Nathaniel Chastain, a former product manager for the online marketplace OpenSea, was indicted and arrested by the Southern District of New York on Wednesday. The 31-year-old is accused of one count of wire fraud and one count of money laundering in connection with a scheme to engage in insider trading in non-fungible tokens (NFTs) by “using private information about which NFTs would be promoted on OpenSea’s site for his personal financial profit.”
According to a press release from the Department of Justice, each violation carries a potential sentence of twenty years in prison.
According to DOJ officials, this is the first time the DOJ has pursued an insider trading charge involving
Chastain’s ostensible plan was clear
According to the indictment, Chastain was accused of selecting NFTs to post on OpenSea’s website. Because the main page placement typically resulted in a price hike for both the highlighted NFT and other NFTs made by the same developer, OpenSea kept these homepage choices hidden until they were life.
According to the accusation, Chastain would buy an NFT in secret between June and September 2021, just before OpenSea featured the artwork on its portal. He apparently sold these NFTs for two- to fivefold his initial investment after they reached the top page.
According to the DOJ, he reportedly performed transactions dozens of times using anonymous digital currency wallets and anonymous identities on OpenSea to hide his tracks.
“While NFTs are unique, this kind of criminal operation is not,” stated US Attorney Damien Williams. “Today’s charges show the Office’s determination to eliminate insider trading, whether on the stock market or the blockchain.”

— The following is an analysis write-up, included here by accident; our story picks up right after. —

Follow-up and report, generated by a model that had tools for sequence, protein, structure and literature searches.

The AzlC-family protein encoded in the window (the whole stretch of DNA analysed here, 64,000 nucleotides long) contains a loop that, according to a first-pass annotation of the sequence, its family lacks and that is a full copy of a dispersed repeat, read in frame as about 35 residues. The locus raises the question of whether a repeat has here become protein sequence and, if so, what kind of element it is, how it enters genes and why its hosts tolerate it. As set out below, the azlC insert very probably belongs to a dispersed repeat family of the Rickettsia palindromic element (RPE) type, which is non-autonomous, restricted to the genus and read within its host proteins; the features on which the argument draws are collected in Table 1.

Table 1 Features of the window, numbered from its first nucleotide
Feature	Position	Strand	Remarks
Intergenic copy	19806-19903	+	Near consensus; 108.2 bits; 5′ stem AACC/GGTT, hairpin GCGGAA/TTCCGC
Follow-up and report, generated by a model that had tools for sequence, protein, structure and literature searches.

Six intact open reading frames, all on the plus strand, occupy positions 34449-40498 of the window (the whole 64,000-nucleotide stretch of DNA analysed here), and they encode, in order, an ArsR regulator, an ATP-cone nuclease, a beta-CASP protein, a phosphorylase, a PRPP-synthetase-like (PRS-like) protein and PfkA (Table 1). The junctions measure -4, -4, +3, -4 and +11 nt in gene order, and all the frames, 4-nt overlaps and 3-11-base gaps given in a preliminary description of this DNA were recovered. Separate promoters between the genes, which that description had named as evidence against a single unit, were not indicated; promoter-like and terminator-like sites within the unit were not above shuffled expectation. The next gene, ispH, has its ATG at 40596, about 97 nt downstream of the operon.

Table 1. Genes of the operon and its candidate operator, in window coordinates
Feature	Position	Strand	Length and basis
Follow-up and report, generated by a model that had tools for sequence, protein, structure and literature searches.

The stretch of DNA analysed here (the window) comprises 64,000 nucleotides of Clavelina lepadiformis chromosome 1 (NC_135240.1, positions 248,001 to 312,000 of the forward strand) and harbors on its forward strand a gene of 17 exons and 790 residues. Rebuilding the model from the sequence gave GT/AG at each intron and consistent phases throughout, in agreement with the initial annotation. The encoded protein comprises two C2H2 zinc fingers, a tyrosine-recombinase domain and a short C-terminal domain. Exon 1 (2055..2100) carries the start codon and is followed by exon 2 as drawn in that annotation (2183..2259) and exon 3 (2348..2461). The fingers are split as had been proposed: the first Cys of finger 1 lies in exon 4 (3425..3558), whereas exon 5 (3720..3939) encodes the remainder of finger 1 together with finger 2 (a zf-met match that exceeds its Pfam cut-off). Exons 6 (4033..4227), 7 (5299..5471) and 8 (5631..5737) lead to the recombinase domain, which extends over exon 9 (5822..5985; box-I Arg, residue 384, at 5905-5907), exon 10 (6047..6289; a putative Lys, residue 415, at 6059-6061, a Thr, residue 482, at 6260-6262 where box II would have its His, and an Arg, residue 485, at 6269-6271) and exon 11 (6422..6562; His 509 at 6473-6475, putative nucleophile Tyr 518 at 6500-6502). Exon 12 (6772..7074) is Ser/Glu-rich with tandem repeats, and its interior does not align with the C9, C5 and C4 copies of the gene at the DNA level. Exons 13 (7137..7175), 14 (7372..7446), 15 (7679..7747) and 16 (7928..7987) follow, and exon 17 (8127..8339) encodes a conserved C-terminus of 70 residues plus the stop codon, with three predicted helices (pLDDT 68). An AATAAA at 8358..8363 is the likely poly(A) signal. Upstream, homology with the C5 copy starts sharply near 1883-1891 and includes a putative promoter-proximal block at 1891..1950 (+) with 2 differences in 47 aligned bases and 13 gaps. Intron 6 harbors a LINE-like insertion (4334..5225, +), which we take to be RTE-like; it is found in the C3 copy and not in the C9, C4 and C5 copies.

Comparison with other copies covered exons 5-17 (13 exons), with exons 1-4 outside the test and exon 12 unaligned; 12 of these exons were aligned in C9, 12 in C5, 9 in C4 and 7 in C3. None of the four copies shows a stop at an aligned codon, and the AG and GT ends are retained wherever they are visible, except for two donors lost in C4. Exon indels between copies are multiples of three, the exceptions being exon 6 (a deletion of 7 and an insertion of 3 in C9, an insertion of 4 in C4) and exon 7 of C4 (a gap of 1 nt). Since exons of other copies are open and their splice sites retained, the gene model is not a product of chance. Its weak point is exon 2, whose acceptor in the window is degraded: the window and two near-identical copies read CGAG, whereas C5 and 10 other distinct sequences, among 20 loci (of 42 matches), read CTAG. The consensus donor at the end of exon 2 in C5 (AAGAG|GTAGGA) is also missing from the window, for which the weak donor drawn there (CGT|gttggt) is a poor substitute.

The FBI’s associate director-in-charge, Michael J. Driscoll, said that the agency will continue to aggressively pursue market manipulators.
Before September 2021, when Chastain’s allegedly unlawful actions were first revealed, the startup’s restrictions on employees accessing sensitive information to invest in NFTs were relatively lax.
Since then, the company has implemented two new employee policies, one of which prohibits OpenSea team members from purchasing or selling from collections or creators while they are featured or promoted by the company, and the other of which prohibits employees from “using confidential information to purchase or sell any NFTs, whether or not they are available on the OpenSea platform.”
The whole case demonstrates the regulatory vacuum that exists over a large section of the wider crypto economy. NFTs, in particular, operate in a legal gray area. Digital assets are not technically classified as securities, and there is limited legal precedent about them in general. Before today’s arrest, it was unclear if authorities would pursue NFT insider trading.
According to Boaz Sobrado, a data analyst for a London-based fintech firm, the OpenSea dispute highlights two things. First, since all transactions are public and eternally recorded, the blockchain is a powerful tool for monitoring illegal activities. However, before today’s arrest, authorities had done nothing with this information.
“There is a lot of debate about regulation right now, but many of these bad people are breaking the law.” According to Sobrado, authorities do not need more power to combat this kind of fraud and misrepresentation.
According to Sobrado, money is so plentiful in the neighborhood that thieves overlook the most basic steps for concealing their tracks.
“Once again, this demonstrates the kind of irresponsible madness that is now widespread in the sector” he added. While the economy is prospering and everyone feels prosperous, it is not widely discussed. However, when the market turns, many of these people will be exposed, and many people will be upset.